Rethinking the Marshmallow Experiment
As policymakers begin to pay more attention to “non-cognitive skills” and “grit” there’s been renewed interest in Walter Micshel’s famous marshmallow experiment. In the original experiment young children were left alone in a room with a marshmallow (or a cookie) and told they would receive two marshmallows if they didn’t eat it until the experimenter returned. The ability to hold off on eating the marshmallow was found to be predictive of a variety of positive life outcomes, such as educational attainment and health.
The standard take on the experiment is that it reveals a child’s level self-control. If a child wanted to eat the marshmallow right away, they would do it. The fact that some attempted to wait but couldn’t is a sign that they lack a certain ability possessed by those who were able to wait.
Or perhaps not. In a new paper Penn’s Joseph McGuire and Joseph Kable propose that attempting to wait and then giving in may reflect perfectly rational decision making. Their reasoning is fairly straightforward. Generally the assumption is that as the time you wait increases, the remaining wait time decreases. When you’re in line at the DMV and you think it will be 20 minutes, every minute that passes gets you closer to the front of the line. But that’s not always the case. Perhaps the line is moving so slowly that after two minutes have passed you come to believe it will take a total of 30 minutes. If you were initially willing to wait for 25 minutes, deciding to wait but then giving up after two minutes will be a rational decision that has nothing to do with self-control. This is similar to deciding to wait for both marshmallows but then giving up halfway through. What may initially seem like a lack of self-control could actually be a rational decision based on how much waiting you think is left.
It has often been misreported, but in Mischel’s original experiment he didn’t tell the kids he would be back in 15 minutes, he said he would be gone for a “while” or a “long time.” This means it could have been rational for a child to give in. Fox example, imagine a child believed “a while” meant 10 minutes, but also thought it could mean 45 minutes. If the child was willing to wait for 15 minutes, the decision to not initially eat the marshmallow is rational. But once the 10 minute mark passes, the child may begin to believe it will be an additional 35 minutes, and at that point the rational decision is to eat the marshmallow. Thus giving in does not necessarily signal a lack of self-control.
Of course McGuire and Kable are quick to point out that their theory is not directly applicable to the marshmallow experiments, but more generally to adult situations in which not persisting is rational behavior rather than a sign a person lacks self-control. In fact, they conducted an experiment in which people were asked about reaching certain goals related to dieting, training for a mile run, studying for the LSAT, or practicing piano. In each case McGuire and Kable found that as more time elapsed without the goal being reached, participants increased their predictions of the remaining time it would take to reach the goal. So for example, people who imagined attempting to lose weight thought it would take more additional to time to reach their goal on day 45 than on day 1.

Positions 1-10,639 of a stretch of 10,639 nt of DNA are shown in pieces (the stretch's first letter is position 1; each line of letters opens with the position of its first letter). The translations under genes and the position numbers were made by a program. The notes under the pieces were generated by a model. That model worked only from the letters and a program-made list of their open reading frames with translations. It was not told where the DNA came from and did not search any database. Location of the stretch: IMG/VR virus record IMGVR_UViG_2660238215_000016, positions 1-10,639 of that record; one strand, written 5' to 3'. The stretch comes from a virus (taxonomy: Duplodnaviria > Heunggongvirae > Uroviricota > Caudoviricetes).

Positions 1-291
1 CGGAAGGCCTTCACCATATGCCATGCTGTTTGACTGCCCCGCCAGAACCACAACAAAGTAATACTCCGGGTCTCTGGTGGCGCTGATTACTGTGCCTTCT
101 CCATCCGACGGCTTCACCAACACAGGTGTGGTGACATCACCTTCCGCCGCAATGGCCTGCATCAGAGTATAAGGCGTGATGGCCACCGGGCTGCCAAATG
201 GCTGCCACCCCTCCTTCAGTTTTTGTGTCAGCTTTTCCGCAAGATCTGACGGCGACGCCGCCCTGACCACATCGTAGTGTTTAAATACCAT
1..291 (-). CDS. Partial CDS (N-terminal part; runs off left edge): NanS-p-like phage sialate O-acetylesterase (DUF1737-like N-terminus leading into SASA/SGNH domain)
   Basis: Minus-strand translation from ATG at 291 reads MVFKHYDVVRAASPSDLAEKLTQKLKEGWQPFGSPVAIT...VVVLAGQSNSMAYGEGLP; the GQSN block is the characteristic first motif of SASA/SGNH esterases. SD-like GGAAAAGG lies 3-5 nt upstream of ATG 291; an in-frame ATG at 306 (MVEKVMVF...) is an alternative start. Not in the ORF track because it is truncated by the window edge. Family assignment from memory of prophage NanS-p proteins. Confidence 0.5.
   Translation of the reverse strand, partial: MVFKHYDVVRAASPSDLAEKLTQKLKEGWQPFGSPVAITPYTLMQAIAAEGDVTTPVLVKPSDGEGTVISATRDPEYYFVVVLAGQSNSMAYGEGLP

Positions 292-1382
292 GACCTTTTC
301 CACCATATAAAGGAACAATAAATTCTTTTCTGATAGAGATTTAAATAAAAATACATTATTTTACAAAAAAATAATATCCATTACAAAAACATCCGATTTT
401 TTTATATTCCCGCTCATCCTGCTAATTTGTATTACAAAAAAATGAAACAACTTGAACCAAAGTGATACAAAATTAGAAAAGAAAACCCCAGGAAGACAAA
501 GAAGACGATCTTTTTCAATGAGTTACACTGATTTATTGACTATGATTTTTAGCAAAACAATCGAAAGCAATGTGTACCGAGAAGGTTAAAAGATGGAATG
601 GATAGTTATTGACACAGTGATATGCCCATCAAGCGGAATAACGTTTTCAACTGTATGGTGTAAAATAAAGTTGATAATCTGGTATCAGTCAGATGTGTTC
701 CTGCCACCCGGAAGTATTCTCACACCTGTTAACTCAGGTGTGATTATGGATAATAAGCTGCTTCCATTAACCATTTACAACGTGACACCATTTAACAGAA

The implication is that attempting to draw conclusions from a person’s persistence or lack thereof is not so clear cut. They may lack self-control, but they could also be making a rational decision based on a revised expectation of how much time remains.
I also think there’s a second, unrelated issue with standard marshmallow test. In many situations the utility of self-control is not merely in how it helps you avoid desirable but costly behaviors (eating the marshmallow), it’s in how it helps you persist in undesirable but beneficial behaviors (fitting parts together at your assembly-line job.) In most practical situations avoiding the distraction is only half the battle. You then need to actively engage in the task you’re fighting the urge to be distracted from. It would be great if everything in life was fascinating, but many things — studying, exercising, cleaning your apartment — require actively engaging in a somewhat dull behavior rather than merely avoiding a behavior.
Imagine that instead of sitting quietly and not eating the marshmallow, participants also had to engage in a dull task. For example, a blue circle and a red circle repeatedly appear on a computer screen. Participants have two seconds to click on the blue circle, and they have to do it until the experimenter returns. Would the results be different? Would there be kids who could wait all day for a second marshmallow, but wouldn’t last five minutes if the task required active participation in a boring activity? I’m not sure. But it seems like such an experiment would do a better job of measuring whether a person can operationalize their self-control to accomplish beneficial tasks.
So here’s the new marshmallow experiment I want to see: People are told exactly how long they’ll have to wait and are given assurances that what they are being told is the truth. That way the initial decision to persist can’t turn into a rational decision to give in. Then, while participants wait they have to continuously engage in an extremely dull task. Will the results be different? What do you think?
McGuire, J.T., & Kable, J.W. (2013). Rational temporal predictions can underlie apparent failures to delay gratification. Psychological Review DOI: 10.1037/a0031910